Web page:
U.S., British Envoys Attacked by Mugabe Loyalists in Rural Zimbabwe
Friday, June 6, 2008
A mob of loyalists to Zimbabwe's President Robert Mugabe attacked vehicles carrying U.S. and British diplomats yesterday as they were investigating political violence ahead of a presidential runoff election this month, the State Department said.
The diplomats were quickly released, but one driver, a Zimbabwean, was beaten and car tires were slashed. U.S. and British officials condemned the attack, with Secretary of State Condoleezza Rice saying the United States had raised at the U.N. Security Council the "outrageous behavior in the treatment of diplomats."
The attack, which took place about 25 miles north of Harare, the capital, came hours before Zimbabwe's government announced it had indefinitely suspended all work by aid groups and nongovernmental organizations. Last week, the government banned some aid groups from distributing food, accusing them of working with the opposition Movement for Democratic Change.
On Wednesday, police detained the president's runoff rival, Morgan Tsvangirai, for more than eight hours, but he resumed campaigning yesterday for the June 27 election.
Since the first round of voting in March, activists from the ruling Zimbabwe African National Union-Patriotic Front, or ZANU-PF, have rampaged across rural areas in what human rights activists have called the country's worst political violence and intimidation in two decades.
"The situation in Zimbabwe is really quite difficult and quite grave," Rice told reporters in Washington. But she said the United States would maintain a presence in the country to "assure some modicum of civility in those elections and some modicum of fairness in those elections."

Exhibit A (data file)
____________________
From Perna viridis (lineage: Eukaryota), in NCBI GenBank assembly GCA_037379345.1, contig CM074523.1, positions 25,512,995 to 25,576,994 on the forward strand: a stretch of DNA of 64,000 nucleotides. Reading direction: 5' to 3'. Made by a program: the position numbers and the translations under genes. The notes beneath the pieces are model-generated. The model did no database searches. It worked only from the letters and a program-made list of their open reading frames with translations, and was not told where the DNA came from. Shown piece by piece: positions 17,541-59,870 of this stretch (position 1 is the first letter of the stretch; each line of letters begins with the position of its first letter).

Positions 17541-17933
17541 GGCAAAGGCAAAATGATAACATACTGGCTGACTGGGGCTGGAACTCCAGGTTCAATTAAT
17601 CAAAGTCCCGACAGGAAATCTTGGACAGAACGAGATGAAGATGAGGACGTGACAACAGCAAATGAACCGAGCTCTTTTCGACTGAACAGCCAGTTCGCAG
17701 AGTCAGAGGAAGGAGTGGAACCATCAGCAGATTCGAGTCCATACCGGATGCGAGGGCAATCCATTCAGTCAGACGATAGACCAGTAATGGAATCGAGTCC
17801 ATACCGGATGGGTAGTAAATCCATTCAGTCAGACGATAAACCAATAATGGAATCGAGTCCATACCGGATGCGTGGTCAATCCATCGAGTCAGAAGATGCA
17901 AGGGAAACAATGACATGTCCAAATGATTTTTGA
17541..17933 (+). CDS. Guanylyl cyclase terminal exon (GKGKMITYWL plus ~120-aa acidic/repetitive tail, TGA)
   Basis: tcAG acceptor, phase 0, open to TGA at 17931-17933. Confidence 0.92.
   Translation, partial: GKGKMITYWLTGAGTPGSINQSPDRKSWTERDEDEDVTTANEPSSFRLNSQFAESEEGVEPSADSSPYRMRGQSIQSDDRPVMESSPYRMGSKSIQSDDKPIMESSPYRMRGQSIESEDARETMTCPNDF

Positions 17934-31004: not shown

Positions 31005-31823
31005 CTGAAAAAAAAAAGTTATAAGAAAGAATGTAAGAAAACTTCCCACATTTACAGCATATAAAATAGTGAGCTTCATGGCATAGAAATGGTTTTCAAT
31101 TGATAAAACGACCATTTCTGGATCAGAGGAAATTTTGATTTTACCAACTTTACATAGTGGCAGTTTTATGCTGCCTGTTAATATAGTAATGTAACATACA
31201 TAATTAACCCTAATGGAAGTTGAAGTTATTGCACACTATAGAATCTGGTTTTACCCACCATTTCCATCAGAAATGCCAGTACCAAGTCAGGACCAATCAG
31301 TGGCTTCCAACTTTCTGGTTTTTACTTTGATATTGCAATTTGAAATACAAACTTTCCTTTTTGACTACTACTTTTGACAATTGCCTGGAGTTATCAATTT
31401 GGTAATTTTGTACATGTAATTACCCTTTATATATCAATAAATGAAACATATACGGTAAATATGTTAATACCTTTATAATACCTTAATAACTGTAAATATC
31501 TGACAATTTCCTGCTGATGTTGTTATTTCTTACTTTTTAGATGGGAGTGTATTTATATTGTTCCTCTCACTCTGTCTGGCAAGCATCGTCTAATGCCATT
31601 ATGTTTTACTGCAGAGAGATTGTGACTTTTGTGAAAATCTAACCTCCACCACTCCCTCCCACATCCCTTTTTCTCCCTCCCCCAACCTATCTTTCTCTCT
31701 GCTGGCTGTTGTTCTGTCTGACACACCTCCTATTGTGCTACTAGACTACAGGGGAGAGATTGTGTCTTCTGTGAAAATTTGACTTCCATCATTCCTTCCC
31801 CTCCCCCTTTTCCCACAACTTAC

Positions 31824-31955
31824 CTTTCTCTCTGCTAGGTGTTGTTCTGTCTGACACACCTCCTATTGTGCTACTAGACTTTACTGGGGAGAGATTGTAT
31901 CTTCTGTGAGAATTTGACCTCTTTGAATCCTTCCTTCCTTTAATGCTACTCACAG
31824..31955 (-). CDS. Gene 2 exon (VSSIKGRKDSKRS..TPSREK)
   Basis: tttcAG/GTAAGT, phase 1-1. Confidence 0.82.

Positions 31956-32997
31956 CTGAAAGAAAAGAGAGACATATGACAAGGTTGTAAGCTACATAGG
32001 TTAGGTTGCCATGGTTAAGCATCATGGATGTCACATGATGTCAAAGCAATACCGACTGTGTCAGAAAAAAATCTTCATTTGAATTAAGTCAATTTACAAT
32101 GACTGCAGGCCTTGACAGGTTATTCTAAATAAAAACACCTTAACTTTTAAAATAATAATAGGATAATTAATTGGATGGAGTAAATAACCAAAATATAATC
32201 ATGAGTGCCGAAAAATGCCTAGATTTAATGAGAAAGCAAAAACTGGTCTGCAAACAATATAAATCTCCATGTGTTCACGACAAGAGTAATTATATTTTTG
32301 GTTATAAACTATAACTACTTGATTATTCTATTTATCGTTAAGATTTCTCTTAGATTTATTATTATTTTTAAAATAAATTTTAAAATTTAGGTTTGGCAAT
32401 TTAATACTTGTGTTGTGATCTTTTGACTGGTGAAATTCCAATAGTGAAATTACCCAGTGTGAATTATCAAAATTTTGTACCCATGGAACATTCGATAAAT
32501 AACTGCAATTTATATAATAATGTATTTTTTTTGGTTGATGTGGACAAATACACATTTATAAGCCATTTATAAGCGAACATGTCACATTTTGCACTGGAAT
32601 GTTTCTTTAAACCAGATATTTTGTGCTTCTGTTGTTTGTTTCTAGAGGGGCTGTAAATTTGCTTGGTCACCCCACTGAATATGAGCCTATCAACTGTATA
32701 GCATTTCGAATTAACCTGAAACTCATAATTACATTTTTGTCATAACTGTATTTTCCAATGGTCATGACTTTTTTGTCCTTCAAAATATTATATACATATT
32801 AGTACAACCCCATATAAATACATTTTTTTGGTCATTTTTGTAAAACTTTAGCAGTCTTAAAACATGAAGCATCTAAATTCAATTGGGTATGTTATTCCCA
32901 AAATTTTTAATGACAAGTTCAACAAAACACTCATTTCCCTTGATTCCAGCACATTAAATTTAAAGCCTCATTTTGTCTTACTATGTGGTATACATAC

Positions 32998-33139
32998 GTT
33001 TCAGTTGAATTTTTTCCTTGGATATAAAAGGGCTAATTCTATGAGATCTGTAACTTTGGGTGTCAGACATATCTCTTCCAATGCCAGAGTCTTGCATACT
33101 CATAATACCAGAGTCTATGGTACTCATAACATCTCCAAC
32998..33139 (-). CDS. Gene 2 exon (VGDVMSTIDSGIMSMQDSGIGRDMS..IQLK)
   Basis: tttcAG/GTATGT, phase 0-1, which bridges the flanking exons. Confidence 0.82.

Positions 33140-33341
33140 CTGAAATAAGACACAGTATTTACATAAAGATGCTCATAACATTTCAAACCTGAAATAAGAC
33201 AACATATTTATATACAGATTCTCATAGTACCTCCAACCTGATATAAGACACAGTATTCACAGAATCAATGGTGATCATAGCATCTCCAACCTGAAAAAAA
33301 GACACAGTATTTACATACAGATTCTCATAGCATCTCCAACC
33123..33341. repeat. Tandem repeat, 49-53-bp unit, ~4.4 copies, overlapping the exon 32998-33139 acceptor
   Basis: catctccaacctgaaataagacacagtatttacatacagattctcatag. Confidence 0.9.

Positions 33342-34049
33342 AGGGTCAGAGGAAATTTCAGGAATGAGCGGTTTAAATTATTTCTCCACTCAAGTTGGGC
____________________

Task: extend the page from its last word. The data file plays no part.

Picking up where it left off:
Zimbabwean officials said the diplomats were traveling outside Harare without permission and were responsible for the melee. "We have a situation where diplomats behave like real criminals," said police spokesman Wayne Bvudzijena. He said the diplomats, traveling in three cars, fled a crowd and then tried to drive through a police roadblock, forcing police to deflate their tires.
"They were playing with a lion's tail by going into a ZANU-PF stronghold without clearance from the government," Deputy Information Minister Bright Matonga said.
U.S. officials denied the Zimbabwean account. State Department spokesman Sean McCormack dismissed the idea of restrictions on diplomatic travel as "fictitious" and said that, in any case, the U.S. Embassy had informed the government of the convoy's travel plans.
"It is a taste of the kind of oppression and violence that this government is willing to use against its own people," McCormack said.
U.S. Ambassador James McGee, who was not in the convoy, told reporters in Harare that he had sent diplomats to Bindura, a town about 50 miles north of Harare, to try to get "a real feel of what was happening on the ground." As the diplomats were interviewing people, police arrived and told them to go to a police station to answer questions about their interviews, he said.
"My staff refused to go with them to the station, insisting that they had not committed a crime that warranted a visit to the police station," McGee said. "They then set off for Harare, and that is when the police gave chase and tried to physically force the car off the road."
The driver managed to keep the car on the road until the convoy reached the roadblock. Spikes on the road slashed the tires, and then a group of "war veterans" -- violent supporters of Mugabe -- threatened to burn the car.
McCormack said a crowd of about 40 people assaulted the driver. "We sent out another vehicle to assist them. That vehicle was detained as well," he said.
McCormack warned that "while this immediate incident has been resolved, it will not be forgotten."